1. The Center for Applied Rationality? Their seminars sound really interesting. I didn't spend a lot of time on their website (I read all 500K words of the story a little more than a day so I was feeling slightly burned out on the internet) but I'll have to go back and explore some more.

  4. Sarah - this is actually in response to your comment on Lani's rehab about shopping. You spoke of not having fun writing. I know what you mean. Once upon a time I read a book by Amanda Quick; a paranormal romance titled Wait Until Midnight. In the book there is a character who is serializing a novel chapter-by-chapter in the newspaper. And having a blast doing it. (blogpost review here: )
    I thought, I want to have fun like that. Even though she is a character in a novel and not real, can I have a real experience like that?
    So I decided to write a novel in Friday installments on my blog. I got 2 people to beta read in advance. It took me 4 months I think and IT WAS FUN. I haven't had that much fun since then. Of course, it didn't make me any money. Also, I don't feel like I can do that again because it's a lot to ask of beta readers. They have to commit right along with you.
    I have been doing a willwriteforchocolate yahoo group and that was fun for a while but now it's not motivating me and people aren't participating.
    There has to be a way to make this more fun.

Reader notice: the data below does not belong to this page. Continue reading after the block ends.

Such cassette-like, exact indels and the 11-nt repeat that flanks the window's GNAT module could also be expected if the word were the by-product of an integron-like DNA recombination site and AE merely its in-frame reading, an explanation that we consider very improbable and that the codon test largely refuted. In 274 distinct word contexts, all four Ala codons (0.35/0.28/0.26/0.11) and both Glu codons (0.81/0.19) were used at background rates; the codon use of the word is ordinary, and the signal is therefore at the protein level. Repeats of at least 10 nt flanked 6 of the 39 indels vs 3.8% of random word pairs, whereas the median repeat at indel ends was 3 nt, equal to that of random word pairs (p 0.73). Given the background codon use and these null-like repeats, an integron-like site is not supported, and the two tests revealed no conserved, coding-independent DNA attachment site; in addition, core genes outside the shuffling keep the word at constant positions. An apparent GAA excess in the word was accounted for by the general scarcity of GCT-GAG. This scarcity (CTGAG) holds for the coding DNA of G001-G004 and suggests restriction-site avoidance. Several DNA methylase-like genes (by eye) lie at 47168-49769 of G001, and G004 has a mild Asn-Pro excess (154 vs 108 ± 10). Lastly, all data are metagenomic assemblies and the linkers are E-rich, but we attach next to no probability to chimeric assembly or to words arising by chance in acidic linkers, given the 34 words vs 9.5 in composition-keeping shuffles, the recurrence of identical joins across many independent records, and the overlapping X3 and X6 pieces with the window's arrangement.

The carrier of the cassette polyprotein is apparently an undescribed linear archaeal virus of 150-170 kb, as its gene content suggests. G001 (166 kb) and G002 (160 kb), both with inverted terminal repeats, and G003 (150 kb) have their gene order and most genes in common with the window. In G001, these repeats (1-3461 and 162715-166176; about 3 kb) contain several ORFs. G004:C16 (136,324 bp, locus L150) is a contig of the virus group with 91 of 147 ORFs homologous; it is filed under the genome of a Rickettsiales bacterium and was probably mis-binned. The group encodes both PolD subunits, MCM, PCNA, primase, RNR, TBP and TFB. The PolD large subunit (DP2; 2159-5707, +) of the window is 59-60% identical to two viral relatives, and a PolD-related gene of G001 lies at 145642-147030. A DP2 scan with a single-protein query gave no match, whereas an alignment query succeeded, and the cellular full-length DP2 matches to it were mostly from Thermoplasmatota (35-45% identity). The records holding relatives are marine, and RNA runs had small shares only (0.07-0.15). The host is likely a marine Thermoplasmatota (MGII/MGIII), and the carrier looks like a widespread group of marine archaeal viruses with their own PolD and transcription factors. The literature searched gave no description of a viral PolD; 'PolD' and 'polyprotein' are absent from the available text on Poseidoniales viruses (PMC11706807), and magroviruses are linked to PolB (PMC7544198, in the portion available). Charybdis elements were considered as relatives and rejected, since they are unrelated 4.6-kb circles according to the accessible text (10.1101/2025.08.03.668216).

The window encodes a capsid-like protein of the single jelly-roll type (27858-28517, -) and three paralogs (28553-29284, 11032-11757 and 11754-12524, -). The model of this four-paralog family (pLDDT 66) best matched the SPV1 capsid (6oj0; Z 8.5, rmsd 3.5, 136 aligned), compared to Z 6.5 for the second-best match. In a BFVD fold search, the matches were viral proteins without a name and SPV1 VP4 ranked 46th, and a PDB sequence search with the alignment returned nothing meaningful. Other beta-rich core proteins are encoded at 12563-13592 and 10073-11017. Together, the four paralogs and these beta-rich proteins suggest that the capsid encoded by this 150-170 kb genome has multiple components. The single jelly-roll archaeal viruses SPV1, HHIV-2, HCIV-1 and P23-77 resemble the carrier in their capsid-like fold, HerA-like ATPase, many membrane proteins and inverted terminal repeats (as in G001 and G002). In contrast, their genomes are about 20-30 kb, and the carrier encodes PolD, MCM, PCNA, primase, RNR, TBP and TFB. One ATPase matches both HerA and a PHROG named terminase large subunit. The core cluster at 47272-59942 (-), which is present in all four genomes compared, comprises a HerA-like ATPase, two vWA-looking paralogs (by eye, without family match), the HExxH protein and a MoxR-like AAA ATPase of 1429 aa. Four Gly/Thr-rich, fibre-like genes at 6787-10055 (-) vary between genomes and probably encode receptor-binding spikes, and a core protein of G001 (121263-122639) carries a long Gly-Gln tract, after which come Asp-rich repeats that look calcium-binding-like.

I hope you don't give up. Selfishly I want to read the last of the Gift books. Also, where would you redirect that creative energy?

    1. I think one of my problems is that when I started writing again, I was doing the serialization thing with stories that people were motivated to read. I had these long, complicated, twisty plots with loads of hidden jokes...huh. I just realized that I stopped doing that in Thought. Maybe that's when it stopped being fun. I may have to think about that one for a while.

      And yeah, I tried joining a writing group on reddit, but I'm by far the most active member, so it's not working for me either. But definitely the fun used to be in part the community I had found, and it doesn't really exist anymore. So maybe working on finding a new community around writing is the thing to do? Not sure how, though...but it's worth thinking about!

    2. That's what I want to do. Have you been on savvy authors dot com? I am not very computer savvy so I haven't gotten around very well but there may be something there. It could be fun if we were in a group together.
      I was moderating the yahoo group willwriteforchocolate but it just fizzled.

  5. Hello! I recently just started a youtube Korean food channel, EasyKoreanFood, where you can learn how to make fast & easy Korean food! It would mean the world to me if you could check it out because I'm just starting out! Thanks!

  6. Harry Potter is my favorite story. When I get a time, I read the book. Thanks for share the post about Harry Potter.